TFP with X-T2 and the XF56mmF1.2

Three hours of fun and exercise with the X-T2.

Christel, my fiancées daughter, asked for a fasion shoot during easter time. She had invited two friends to attend. One of them was a former Miss Denmark Finalist in 2016, the other a very natural, sporty woman. So it was hard to say no! What’s not to like? The weight of the X-T2, battery grip and the XF56mm prime starts to feel a bit heavy after three hours, but shooting these young, beautiful women was fun and challenging.

X-T2 with battery grip, 3 batteries, the XF56mm lens and a flash remote controller is not a lightweight setup!

3 beautiful, young models

I aim for personality in the pictures, not just ‘glamour’. But with an Instagram generation, it is not always easy to get the poses that emphasizes their own personality. And with three very different personalities, I had a lot of fun and hard work during the shoot! It took a while, before the models and I was in sync with my way of directing the pose.

Bending in the legs to get the lens in lip level and holding the stance while directing a model, makes you sweat!

I always spend some time in the start of the shoot to find my models best angle. So I shoot from left to right at eye, nose and lip level. Then I go through the shots with the model on the rear LCD, and we agree on the best angle.


Christel is the kind of girl, that simply pops in front of a camera. She is a normally a shy person, but point a camera at her, and she just gives you the one-million-dollar look. She wanted to experiment, and I asked her to prepare a setup. She didn’t disappoint me. More an that later…

Christel is the kind of person that instinctively gives you the intense look whenever you touches the release button


Emma got a lot of shooting experience last year as a finalist for Miss Denmark 2016. She is nicely sun tanned, but during the shoot, she was not wearing a lot of makeup. That gave some reflections in the skin, that cost me some work during post processing. Emma is used to give the ‘cute look’, so I challenged her a bit. We worked hard on head postures, and we were amazed to discover all the different looks Emma had by small adjustments.

Emma went from Insta babe look to the fragile, honest poses


Julie is the sporty, active girl, that smiles all day long. Her skin is so soft and white, that many babies would be jealous. A bonus is zero retouching in post production! Julie does not feel very comfortable in front of a camera, but when she is ‘there’, we get the most natural and straight-forward pictures.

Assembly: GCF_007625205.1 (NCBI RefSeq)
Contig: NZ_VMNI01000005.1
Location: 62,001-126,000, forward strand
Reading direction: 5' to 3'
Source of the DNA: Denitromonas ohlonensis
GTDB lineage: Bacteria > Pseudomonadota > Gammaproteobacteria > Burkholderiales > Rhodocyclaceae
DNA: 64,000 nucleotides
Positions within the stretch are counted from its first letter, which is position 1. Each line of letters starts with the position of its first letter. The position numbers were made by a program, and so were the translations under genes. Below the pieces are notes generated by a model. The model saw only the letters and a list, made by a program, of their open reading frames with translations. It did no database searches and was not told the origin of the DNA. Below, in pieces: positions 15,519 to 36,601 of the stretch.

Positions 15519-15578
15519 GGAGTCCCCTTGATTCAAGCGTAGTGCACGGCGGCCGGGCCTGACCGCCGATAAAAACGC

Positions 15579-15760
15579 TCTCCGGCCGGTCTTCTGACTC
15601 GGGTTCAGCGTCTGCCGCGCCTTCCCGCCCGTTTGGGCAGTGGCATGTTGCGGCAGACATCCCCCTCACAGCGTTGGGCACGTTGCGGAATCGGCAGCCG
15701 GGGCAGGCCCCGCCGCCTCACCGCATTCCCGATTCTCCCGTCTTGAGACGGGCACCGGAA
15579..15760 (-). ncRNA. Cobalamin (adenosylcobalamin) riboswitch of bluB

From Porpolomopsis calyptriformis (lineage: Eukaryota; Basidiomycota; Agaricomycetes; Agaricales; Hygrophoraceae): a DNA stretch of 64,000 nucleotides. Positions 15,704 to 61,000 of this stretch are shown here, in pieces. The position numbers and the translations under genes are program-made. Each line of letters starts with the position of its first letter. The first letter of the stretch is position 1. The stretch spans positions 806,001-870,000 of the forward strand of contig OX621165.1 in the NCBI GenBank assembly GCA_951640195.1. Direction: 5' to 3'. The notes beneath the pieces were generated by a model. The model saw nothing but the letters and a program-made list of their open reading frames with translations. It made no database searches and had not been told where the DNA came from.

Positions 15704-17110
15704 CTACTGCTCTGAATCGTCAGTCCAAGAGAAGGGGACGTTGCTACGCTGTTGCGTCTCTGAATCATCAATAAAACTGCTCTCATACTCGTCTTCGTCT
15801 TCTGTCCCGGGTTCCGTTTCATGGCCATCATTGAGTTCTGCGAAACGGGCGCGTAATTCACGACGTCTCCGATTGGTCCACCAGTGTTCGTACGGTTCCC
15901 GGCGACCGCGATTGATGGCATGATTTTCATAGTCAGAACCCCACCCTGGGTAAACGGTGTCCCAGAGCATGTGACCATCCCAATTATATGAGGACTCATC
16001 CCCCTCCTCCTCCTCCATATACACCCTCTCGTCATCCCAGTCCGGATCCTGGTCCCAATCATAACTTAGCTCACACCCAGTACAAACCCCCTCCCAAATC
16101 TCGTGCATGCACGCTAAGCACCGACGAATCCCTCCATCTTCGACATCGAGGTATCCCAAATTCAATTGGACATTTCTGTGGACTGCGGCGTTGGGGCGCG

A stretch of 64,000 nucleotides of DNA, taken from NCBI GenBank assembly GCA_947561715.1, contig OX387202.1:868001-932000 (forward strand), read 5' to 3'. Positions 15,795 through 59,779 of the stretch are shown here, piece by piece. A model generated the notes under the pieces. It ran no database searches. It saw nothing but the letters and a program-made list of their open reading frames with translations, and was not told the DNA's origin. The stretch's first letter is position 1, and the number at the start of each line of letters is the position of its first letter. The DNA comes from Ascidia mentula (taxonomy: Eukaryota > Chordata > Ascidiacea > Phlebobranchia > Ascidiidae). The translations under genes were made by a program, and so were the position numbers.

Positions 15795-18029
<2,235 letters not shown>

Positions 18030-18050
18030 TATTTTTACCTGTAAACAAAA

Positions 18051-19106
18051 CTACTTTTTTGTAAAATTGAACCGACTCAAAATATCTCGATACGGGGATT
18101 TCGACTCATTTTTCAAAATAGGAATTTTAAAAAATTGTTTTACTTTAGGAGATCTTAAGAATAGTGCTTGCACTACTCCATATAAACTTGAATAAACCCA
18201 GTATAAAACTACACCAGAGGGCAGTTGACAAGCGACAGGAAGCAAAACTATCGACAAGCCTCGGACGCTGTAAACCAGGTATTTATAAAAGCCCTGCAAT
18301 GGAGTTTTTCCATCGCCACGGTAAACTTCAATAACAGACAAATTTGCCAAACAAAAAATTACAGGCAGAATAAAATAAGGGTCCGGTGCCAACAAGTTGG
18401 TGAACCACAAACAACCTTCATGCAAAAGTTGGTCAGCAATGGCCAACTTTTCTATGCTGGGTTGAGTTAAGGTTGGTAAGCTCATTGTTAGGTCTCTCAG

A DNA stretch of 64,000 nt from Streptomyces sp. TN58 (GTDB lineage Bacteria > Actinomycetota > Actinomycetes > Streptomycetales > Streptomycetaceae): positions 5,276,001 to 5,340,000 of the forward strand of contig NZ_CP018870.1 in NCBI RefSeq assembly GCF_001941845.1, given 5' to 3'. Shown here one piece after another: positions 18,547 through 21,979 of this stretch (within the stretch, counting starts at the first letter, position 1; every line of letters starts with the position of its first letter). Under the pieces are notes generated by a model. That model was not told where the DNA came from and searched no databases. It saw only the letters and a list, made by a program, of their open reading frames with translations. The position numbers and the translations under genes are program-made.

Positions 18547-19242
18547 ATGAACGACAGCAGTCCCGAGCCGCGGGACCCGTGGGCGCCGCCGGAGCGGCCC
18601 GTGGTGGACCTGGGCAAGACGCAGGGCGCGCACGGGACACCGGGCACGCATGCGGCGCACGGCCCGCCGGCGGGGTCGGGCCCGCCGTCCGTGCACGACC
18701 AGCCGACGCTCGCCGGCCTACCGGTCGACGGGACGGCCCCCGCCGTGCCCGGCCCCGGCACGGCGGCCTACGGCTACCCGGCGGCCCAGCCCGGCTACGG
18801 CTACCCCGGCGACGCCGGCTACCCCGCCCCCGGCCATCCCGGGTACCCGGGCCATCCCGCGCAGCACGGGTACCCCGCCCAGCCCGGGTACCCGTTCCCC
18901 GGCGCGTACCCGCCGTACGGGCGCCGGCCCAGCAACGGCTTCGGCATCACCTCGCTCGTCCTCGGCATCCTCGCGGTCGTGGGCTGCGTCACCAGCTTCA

Julie is the sporty, happy girl, that just looks natural in all situations with a big smile


Trying to shoot fashion and beauty is easiest in a studio. But the studio I normally uses was 225 km away, so that was not an option. In stead I had brought a huge reflector/diffuser to serve as background, and the living room had a huge window towards East. So after 12 o’clock, the sun would not shine directly into the room. The only problem was, that the room was no more than 3m (9 feet) wide. A bit narrow for the 56mm lens, when both background, model and photographer has to occupy that space. But with a window going from floor to roof (more than 3 meters/ 10 feet), I had the best, broad light source available: Gods natural light!

My three most important pieces of gear:

Fujifilm X-T2 w the XF56mmF1.2 lens and battery grip: This is the working horse and crontap in my work. The XF56mm is a very sharp prime. Going to F1.2 – but this aparture should be used with caution; just a small movement from you or your model, and the picture is spoiled.

Wallimax ‘reflector’ 150x200cm (6×8 feet) w white and black cover: Except for the camera, this was my most important equipment. Shooting in a living room does not give pleasant background in 90% of your shots, so this huge reflector serves as a light, mobile background drop for portraits from narrow head shots to 3/4’th of a body. I put the white reflector cover on the diffuser, and had a black drape to wrap around the board, when I wanted a dark background.

Wallimax silver reflector (70cm/2,6 feet) for natural lighting and butterfly-/fashion flash setup